What the Bible really teaches: A challenge for fundamentalists, K Ward

Content: Keith Ward What the Bible Really Teaches: A challenge for fundamentalists ISBN 0 281 05680 3 SPCK, London, 2004, Ј9.99 'I am a born-again Christian. But I do not believe what born-again Christians are supposed to believe . . .' Professor Ward has had a distinguished career in academic theology but this book emerges from something much simpler. He seems to have become aware from his earliest days as a committed Christian that the Bible simply doesn't say what many of his friends told him it said, and as he explores that theme here he distinguishes beliefs which are 'properly evangelical' from those fundamentalist views that he argues are not really Bible-based at all. He admits that this is an adversarial book, and attacks Christian fundamentalism for being highly selective in its emphasis on a few favourite biblical texts which are then often distorted or given a very implausible Meaning in order to fit a set of beliefs already held. So, in this readable and engaging book Ward challenges the reader to look again at what the Bible says. Sometimes this can be quite provocative, as when he establishes quite clearly that either what Matthew says is false - that Jesus taught the Torah should be kept in the fullest rigour - so there are definitely false statements in the New Testament, or else, if Matthew is accurate, then 'Christians do, and should, disobey the clear moral teaching of Jesus', which is exactly what he forces the reader to acknowledge that we all do. Either way it follows that some moral injunctions in the Bible, even if they are said to be issued by Jesus himself, are in fact not binding upon Christians! Here, as in other chapters, Ward finds a way forward through the principle of sublation, the cancelling of an obvious or literal meaning of a text by a later teaching which leads us to discover a deeper spiritual interpretation. This is one of Six Principles of interpretation that he outlines very clearly in a helpful early chapter. What follows in later chapters are concrete examples of these principles in action, as he interprets biblical teaching about the coming of Christ in Glory, about Salvation, about Judgement, Heaven and Hell - eight such themes in all. My own reactions varied. On some points I rejoiced when Ward crystallized conclusions that I had been tentatively reaching towards myself for some time, and there are other moments when I've been delighted to find satisfactory solutions to problems that have previously perplexed me. The whole thrust is towards optimistic, inclusive and positive interpretations that really do sound more like Good News than do most fundamentalist teachings! In places though, I found myself thinking, 'Yes, but what about . . .?' as other passages of scripture came to mind, and there are times when what he regards as fundamentalist might be seen by many as mainstream, or at least to have been so in the fairly recent past. In the end, on each particular matter, readers will have to judge for themselves whether Ward succeeds in his aim of being more biblical than those he disagrees with, but to acknowledge that is perhaps to concede one of his main points, that there is not 'just one correct interpretation, which is obvious by just reading the Bible ... the Bible contains some shocking facts for fundamentalists.' Desmond Alban SSF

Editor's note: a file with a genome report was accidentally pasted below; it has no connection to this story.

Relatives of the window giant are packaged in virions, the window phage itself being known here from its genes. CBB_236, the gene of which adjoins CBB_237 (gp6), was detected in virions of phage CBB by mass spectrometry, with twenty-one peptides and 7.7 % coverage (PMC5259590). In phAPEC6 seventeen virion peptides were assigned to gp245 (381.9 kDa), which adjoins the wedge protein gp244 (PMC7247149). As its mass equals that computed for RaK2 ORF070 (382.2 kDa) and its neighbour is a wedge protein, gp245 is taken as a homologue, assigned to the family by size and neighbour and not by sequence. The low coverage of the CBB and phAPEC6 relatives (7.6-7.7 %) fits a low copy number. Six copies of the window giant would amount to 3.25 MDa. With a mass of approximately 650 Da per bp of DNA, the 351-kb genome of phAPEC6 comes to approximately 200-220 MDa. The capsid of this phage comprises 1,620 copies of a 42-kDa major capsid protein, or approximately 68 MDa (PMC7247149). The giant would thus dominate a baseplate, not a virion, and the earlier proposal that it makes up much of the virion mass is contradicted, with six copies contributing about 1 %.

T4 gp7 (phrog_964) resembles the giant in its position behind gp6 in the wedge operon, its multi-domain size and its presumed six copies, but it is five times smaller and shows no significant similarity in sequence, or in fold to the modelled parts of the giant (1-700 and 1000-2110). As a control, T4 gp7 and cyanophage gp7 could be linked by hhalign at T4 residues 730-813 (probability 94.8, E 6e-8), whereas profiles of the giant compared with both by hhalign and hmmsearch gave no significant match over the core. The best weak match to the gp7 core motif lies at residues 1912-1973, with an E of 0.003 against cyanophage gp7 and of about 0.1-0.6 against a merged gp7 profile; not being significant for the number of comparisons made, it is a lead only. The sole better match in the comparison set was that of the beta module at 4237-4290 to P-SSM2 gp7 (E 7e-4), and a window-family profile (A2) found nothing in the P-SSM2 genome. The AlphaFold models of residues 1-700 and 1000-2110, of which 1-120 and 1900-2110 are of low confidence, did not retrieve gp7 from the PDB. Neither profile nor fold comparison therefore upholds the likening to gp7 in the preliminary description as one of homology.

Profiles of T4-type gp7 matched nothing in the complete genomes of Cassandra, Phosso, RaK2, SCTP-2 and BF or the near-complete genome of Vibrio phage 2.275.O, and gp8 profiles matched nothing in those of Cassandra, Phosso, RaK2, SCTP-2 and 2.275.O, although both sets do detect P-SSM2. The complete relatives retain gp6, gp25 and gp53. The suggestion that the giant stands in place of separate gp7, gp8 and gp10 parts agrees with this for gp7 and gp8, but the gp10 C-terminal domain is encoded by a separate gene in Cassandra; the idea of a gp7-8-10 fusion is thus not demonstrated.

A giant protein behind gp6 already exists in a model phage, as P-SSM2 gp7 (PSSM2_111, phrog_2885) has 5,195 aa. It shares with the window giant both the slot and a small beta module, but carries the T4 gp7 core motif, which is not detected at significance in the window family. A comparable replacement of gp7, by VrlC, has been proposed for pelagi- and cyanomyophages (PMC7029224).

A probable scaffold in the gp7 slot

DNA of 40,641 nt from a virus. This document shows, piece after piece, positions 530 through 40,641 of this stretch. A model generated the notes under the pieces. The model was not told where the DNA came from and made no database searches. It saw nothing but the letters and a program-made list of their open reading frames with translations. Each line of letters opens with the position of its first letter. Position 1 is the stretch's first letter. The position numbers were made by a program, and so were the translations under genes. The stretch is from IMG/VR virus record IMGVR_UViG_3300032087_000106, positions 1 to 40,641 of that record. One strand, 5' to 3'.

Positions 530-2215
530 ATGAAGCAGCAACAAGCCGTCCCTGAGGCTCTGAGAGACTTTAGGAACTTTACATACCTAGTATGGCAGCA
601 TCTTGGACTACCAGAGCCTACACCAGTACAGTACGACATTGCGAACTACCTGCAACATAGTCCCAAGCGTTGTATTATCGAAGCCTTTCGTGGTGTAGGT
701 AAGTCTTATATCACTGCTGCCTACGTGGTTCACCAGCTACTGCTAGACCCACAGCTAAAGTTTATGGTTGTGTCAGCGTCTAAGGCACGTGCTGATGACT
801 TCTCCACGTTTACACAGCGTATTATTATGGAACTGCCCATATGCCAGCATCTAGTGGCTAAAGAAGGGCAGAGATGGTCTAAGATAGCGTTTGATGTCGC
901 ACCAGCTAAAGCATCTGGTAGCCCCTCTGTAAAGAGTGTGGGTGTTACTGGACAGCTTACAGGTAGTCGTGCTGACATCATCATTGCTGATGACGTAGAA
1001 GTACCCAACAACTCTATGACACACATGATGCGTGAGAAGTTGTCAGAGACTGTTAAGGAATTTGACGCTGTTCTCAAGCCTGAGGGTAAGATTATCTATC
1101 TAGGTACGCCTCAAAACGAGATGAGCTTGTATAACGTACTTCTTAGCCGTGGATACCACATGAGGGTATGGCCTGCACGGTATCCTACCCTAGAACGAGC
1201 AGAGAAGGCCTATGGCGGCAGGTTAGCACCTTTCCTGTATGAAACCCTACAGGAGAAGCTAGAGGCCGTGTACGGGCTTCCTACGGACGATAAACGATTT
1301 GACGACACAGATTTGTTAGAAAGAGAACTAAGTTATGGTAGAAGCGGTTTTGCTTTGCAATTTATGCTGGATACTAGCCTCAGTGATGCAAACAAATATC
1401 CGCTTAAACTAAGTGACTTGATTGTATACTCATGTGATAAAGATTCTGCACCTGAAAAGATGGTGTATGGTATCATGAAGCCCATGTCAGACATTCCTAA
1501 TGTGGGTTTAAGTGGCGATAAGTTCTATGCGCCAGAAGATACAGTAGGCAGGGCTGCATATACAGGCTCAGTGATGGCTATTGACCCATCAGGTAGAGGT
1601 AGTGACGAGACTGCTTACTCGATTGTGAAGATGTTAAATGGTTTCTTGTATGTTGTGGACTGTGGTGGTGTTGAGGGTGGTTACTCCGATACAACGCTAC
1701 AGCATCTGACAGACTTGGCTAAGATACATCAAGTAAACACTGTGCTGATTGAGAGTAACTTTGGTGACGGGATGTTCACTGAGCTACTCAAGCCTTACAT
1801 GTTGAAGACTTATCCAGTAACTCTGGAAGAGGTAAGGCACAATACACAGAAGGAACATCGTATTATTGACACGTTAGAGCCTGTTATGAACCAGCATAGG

K Ward

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Title: Microsoft Word - Fxn May 2006 - Book Review - What the Bible really
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